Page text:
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The Handmaid’s Tale: Chapters V-VI

As Rachel mentions in her blogpost below, this section of The Handmaid’s Tale contains a great deal of information. The reading begins with a discussion of time. Offred longs for a hobby such as embroidery, weaving, or knitting to occupy herself. She recalls pieces of artwork that she’s seen that feature women waiting for something; pieces of art that convey a sense of boredom. Offred relates to these pieces of art as she too now waits for a man to put her to “use” (69). It was disheartening to see how easily Offred could connect with those paintings and animals such as caged pigs and lab rats. Moreover, Offred thinks back to her time in the gymnasium when the Aunts gave them time to rest and considers that maybe they were on some kind of drug. I was particularly struck by this remark; however, I think I agree with Offred’s commentary that “it was better to be lethargic. You could tell yourself you were saving up your strength” (70). By using this mentality, the Handmaids were able to cope as best as they could with their surroundings.

A blog post about this section would be incomplete without at least mentioning the horrific scene as recounted in Chapter 16. This scene explicitly reveals the true duty of a Handmaid, to serve as merely a body: a body capable of carrying a child. Serena Joy’s quick dismissal of Offred reveals her desire to assert her dominance within the social hierarchy rather than increase the chances of conception.

Chapter 17 describes three distinct acts of rebellion. First, Offred uses the butter (that she previously hid in her shoe) as lotion. Second, Offred sneaks out of her room to steal something. As Offred describes on page 97, she is “doing something, on [her] own.” These acts serve as glimpses of freedom in her very restricted life. Furthermore, these acts speak to the extent of her oppression, in the sense that she must use butter and leaving her bedroom in the middle of the night in order to feel somewhat liberated. Third, Offred and Nick’s encounter in the sitting room. Offred notes that “it’s so good, to be touched by someone, to be felt so greedily, to feel so greedy” (99). Like Rachel, I am curious to see the outcome of this scene and why The Commander is calling Offred into his office.

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6 Comments

  1. Nicolette Romley Nicolette Romley

    When Offred’s three acts of rebellion are listed next to each other, it just emphasizes how ridiculous the rules in Gilead are. These acts feel similar to the rebellious acts in Persepolis, where the acts alone do not seem rebellious but when put in the context in Iran, the acts were indeed rebellious.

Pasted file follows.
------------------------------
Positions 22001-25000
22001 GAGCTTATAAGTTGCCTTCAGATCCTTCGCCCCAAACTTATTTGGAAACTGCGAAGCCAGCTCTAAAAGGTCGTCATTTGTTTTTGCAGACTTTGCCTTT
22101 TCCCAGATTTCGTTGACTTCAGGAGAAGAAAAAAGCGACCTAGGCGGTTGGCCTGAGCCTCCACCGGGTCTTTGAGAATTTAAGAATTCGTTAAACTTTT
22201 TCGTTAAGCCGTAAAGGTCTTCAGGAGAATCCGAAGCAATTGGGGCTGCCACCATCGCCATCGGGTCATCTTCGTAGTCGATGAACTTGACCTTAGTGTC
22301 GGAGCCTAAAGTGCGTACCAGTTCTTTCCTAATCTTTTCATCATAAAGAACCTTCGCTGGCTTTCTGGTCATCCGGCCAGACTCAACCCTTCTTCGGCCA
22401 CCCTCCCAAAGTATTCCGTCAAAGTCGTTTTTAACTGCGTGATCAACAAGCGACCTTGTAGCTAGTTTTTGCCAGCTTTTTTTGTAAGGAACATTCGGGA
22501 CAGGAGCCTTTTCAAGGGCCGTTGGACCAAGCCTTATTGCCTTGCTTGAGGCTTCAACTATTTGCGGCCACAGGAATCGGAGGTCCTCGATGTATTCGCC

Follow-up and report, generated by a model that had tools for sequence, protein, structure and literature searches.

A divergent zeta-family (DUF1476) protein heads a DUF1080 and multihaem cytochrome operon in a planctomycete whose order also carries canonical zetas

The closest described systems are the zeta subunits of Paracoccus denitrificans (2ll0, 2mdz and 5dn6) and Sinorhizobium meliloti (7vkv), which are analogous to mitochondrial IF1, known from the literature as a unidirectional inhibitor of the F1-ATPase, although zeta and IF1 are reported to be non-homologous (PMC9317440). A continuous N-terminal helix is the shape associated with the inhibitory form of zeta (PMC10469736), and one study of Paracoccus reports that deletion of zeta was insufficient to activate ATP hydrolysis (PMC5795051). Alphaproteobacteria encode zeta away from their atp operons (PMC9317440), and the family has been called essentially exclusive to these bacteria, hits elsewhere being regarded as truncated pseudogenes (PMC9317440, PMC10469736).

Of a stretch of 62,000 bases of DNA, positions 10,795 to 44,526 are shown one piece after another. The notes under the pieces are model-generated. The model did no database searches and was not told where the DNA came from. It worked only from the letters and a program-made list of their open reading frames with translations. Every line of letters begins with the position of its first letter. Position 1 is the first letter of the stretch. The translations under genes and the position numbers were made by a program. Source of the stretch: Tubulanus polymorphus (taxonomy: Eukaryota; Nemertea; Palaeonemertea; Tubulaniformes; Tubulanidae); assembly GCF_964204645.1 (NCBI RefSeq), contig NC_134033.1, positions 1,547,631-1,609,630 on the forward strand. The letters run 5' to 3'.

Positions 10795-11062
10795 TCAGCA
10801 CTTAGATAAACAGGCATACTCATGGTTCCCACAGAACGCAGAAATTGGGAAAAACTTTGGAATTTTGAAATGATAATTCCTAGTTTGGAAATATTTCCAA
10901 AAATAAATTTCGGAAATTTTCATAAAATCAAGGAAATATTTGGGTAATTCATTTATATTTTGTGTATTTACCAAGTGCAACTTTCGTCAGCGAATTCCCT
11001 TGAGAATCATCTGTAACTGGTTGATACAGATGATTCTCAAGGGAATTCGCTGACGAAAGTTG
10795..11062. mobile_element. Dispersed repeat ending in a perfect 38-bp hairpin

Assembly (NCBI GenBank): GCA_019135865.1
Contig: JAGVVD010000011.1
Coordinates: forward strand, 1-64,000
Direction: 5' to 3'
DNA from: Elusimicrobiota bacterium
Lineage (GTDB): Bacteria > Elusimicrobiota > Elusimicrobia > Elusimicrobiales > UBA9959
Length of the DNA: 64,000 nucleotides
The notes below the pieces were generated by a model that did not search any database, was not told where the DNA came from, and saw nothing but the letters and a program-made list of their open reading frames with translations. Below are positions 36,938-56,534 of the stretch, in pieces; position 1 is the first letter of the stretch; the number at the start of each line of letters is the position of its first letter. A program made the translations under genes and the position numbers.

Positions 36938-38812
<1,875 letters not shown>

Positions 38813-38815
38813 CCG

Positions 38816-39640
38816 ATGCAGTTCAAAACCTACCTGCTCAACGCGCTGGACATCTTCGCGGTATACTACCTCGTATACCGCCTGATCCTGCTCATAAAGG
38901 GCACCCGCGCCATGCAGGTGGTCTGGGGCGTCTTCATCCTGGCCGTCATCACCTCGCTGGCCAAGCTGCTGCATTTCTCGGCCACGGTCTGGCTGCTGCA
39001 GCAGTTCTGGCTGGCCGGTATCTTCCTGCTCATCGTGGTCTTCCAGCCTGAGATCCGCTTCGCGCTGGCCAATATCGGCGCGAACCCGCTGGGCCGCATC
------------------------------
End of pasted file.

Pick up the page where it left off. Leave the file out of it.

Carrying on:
2. David Ataide David Ataide

    I enjoyed the scenes where Offred would “rebel” in her own way because they were so menial when compared to how life is in the United States today. Acts such as those wouldn’t be considered high crimes of treason or rebellion, but rather just minor infractions. The scope of rebellion changes dramatically in an oppressed society.

  3. Katherine Fell Katherine Fell

    I like how you noted how prevalent Offred’s need for human connection is in these chapters. As you stated in your post, the Handmaid’s have been cruelly dehumanized, as the society of Gilead views them merely as vessels for bearing children. The degradation of Offred becomes especially clear in her small acts of rebellion and her excitement when she talks about her interaction with Nick.

  4. Alexander Seeley Alexander Seeley

    NIck and Offred cannot resist each other. The punishment they both could receive for having sex is immense, yet many people do it and are hung from the wall in consequence. Having sex with Nick seems to be the ultimate way of rebellion in which her body could be treated with feeling and lust, rather than the way in which it is typically viewed by society at this point in the book. The natural desire for sexual pleasure could be the end of Offred, yet I hope that there is some way Offred will be able to have this pleasure without being caught and ridiculed, as an ultimate act of rebellion.

  5. Sara Messervey Sara Messervey

    There are so many layers to Offred’s relationship with her body and her “flirtationship” with Nick. I think it’s critical to recognize how the whole world has positioned her as an object. The handmaids are chambers of incubation that powerful men can use and abuse as they please, that then face the wrath of the wives. Since her husband, Offred’s only experience of sex (if you can call it that) has presumably been this form of biblical rape. For her to want someone and use her body for an act of wanting is the ultimate form of reclaiming autonomy, in the absence of being able to commit the more autonomous act of rejecting the sex she does not want.

  6. Alexander Bogomolov Alexander Bogomolov

    Offred’s acts of rebellion seem like the first of many, and possibly progressively more risky, attempts to find some form of freedom and basic autonomy. I am curious to see where she goes from here. I also agree with your point about Serena Joy’s dismissal of Offred, but think it is more complex that that and that she does not fear losing her social dominance, but fears losing her place in the eyes of the Commander.

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